She brings the cat even though no one else wants it in the car. She talks too much, she points out that the man is the misfit and puts everyone in danger. O'Conner was trying to show that the grandma only was good when a gun was pointed at her head and when she came that close to dying. She tried to save herself by telling the misfit that he's a good person and that God loves him. But we all know she is being fake. So I think the song is basically saying that we are all like the grandma in some way. He is singing in the misfits point of view. The misfit is a bad person and he's isn't trying to be good.
    a_transienton May 04, 2005   Link
  • +1
    General Commenteveryone can read the story here: caxton.stockton.edu/jjm27Litt2143/stories/…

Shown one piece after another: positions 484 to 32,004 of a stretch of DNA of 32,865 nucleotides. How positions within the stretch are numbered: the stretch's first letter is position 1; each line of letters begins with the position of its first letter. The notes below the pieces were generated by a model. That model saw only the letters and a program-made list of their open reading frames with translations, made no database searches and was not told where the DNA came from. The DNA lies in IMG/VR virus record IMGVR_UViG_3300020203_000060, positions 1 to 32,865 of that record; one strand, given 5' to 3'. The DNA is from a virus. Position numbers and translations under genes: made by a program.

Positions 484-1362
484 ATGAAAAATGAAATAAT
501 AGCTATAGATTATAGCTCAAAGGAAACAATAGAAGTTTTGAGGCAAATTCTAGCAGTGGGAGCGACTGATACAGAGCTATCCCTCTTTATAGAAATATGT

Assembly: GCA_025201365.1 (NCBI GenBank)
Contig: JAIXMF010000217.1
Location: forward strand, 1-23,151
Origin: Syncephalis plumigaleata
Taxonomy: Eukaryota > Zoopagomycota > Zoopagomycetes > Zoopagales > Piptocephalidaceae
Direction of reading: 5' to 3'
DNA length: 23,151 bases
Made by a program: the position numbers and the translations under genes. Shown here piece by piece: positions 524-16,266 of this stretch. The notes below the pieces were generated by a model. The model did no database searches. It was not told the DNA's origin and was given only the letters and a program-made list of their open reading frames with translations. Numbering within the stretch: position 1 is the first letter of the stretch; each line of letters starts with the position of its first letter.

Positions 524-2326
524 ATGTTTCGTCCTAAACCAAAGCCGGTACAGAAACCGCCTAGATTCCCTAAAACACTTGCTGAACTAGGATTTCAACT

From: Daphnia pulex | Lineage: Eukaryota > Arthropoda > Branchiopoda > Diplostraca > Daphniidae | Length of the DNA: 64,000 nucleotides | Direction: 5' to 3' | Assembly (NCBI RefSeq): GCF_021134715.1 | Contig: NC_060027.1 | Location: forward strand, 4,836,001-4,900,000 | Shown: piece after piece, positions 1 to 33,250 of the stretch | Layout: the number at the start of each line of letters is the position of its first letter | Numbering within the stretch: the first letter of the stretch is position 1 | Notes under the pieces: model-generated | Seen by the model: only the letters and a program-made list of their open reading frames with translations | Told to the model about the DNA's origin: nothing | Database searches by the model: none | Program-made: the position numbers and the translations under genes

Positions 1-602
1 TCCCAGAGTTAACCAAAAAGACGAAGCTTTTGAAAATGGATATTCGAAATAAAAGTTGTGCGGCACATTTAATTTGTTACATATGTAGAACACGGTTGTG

it is an amazing story, especially if you really look into it and think about it. don't take it at face value... it is so rich and full of meaning. it's also hilarious. and heartbreaking.
    yellowpaperoseon October 01, 2006   Link
  • +1
    General CommentAs for the word "creased", I always just thought it meant like a wrinkle. You know, like pleats in pants. Or when you fold a paper, you are creasing it, you're making it sharp at a point. Maybe it means that the old woman "sharpened" the misfit; she upset him, ruffled him, or caused him to bring out whatever caused conflict in him.
    juliam919on October 12, 2006   Link
  • +1
    General CommentSome evidence from O'Connor's story that Sufjan is writing from the perspective of The Misfit:

    "[The Misfit] had a long creased face and didn't have on any shirt or undershirt." [i.e., "Someone's left me creased"]

    I think this song conveys The Misfit's disturbance and incomplete resignation that he must be the instrument of "peace" - in the sense of transcendence following spiritual shock, as opposed to complacency, which "peace" also means at times in the song - for others while remaining unfulfilled himself.